And just to prove that it really is freezing, here’s a photo that I took on my walk through the fields the other day of some leaves covered in winter frost. Makes me cold just looking at it!

Winter frost

Hello winter.

All this cold weather and festive spirit has me dreaming of roasted chestnuts, mulled wine and mince pies. But alas, we can’t eat like gluttons all month, so it’s been business as usual in the Food Crush household. Unless you count the gluten-free Christmas cake that we’ve been gobbling up on a daily basis (all in the interests of quality control, of course).

Beetroot and walnut hummus

Beetroot is at its best during spring and summer, so don’t ask what inspired me to buy a bunch of beetroot during my trip to the grocer. Maybe it was its rosy hues and verdant green leaves that led me astray. Similarly to carrots, beetroot is one of those veggies that works a treat in both sweet and savoury concoctions. I will admit to being tempted to whip it into a gluten-free version of Nigel Slater’s beetroot chocolate cake, but given we had four cakes in the house last week, I thought a savoury dish was more in order. With this in mind, my bunch of beetroot gave birth to a blushing bowl of hummus that I adapted from Hugh Fearnley-Whittingstall’s River Cottage Every Day. This dip is a refreshing departure from traditional hummus thanks to its shock of pink which you can beautifully offset by adorning the bowl with a sprig or two of basil. Here’s the recipe.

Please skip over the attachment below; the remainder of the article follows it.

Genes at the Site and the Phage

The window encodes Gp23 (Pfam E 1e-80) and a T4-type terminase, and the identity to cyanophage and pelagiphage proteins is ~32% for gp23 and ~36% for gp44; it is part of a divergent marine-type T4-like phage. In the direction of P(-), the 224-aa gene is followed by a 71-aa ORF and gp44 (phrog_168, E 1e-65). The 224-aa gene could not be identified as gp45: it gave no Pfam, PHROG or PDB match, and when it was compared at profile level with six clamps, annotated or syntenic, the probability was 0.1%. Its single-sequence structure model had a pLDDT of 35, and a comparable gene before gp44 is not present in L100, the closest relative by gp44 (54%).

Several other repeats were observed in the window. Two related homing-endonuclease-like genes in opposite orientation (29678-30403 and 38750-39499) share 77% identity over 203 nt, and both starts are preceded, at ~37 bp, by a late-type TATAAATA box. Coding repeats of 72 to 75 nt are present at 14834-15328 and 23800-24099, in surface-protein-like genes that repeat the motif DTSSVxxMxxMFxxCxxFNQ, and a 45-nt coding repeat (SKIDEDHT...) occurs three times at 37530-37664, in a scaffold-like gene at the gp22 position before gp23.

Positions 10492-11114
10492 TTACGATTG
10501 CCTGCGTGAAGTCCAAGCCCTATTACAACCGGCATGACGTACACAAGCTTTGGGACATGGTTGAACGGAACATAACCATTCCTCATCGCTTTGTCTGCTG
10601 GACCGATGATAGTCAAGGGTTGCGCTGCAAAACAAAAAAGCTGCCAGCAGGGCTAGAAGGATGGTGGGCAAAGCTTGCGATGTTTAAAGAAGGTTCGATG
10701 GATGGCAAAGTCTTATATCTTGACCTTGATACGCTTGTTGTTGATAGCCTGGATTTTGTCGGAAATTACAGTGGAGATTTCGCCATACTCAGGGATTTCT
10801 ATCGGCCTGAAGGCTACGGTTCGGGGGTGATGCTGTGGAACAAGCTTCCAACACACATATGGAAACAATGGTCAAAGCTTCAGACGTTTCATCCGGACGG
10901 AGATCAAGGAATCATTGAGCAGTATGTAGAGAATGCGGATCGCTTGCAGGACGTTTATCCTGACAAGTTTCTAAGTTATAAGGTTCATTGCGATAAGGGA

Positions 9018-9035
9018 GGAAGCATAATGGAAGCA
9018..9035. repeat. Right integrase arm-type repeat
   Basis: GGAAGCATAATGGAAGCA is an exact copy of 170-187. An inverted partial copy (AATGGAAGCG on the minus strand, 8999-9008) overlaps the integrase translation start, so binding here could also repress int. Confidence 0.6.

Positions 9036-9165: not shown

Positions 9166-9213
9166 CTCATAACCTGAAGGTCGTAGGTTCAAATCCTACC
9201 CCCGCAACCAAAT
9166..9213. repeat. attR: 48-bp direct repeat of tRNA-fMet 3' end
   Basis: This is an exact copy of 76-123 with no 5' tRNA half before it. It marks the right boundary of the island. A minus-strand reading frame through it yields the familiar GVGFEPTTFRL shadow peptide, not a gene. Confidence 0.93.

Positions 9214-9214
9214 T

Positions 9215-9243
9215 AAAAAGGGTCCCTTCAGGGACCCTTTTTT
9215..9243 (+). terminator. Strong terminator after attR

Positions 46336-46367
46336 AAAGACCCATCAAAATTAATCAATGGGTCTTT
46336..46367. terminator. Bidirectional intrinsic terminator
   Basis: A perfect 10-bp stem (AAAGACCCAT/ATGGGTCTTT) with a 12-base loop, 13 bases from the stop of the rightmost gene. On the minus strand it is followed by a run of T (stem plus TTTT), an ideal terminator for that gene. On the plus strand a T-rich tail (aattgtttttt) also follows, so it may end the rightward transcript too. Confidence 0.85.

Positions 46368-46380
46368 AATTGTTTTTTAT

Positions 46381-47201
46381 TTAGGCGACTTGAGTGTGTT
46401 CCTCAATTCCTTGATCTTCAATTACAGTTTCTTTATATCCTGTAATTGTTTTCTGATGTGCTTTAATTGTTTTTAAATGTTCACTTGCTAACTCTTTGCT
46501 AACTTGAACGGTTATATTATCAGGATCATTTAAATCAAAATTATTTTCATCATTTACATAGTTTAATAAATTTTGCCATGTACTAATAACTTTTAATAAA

My beetroot and hummus dip makes me blush with pride.

Beetroot and hummus dip makes me blush with pride.

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Return of the gluten-free Christmas cake

Have you ever seen the film High Fidelity? The one where John Cusack reminisces about his top five break-ups of all time? I curled up on the couch the other night with a block of sea salt chocolate and watched it for the second time. All the protagonist’s talk of top fives got me thinking about the concept of, you guessed it,  top fives. Don’t worry, I’m not going to get out the violin and bore you senseless with tales of my top five break-ups. But what I would like to share are my top five cakes of all time. You know how sometimes you eat a slice of cake that tastes so good you could eat it and only it for the rest of your life? That’s the kind of cake that deserves pride of place in a top five cake list. So, here’s my top five cakes of all time – the cakes that stood out over all others, the ones that I’ll never forget, the ones that I dream about, the ones that had me dying for more.

1. Coffee and walnut cake

Gluten-free coffee cake

Not bad for my first attempt!

2. Summer berries cake

Gluten-free summer berries cake

You’ll love the moistness of this cake.

3. Marmalade cake

Gluten-free marmalade cake

The perfect accompaniment to your morning or afternoon coffee.

4. Gluten-free ginger cake

Wheat-free ginger cake

Goes down a treat with a cup of tea.

5. Carrot cake

Gluten-free carrot cake

The grated carrots create a lovely moist texture.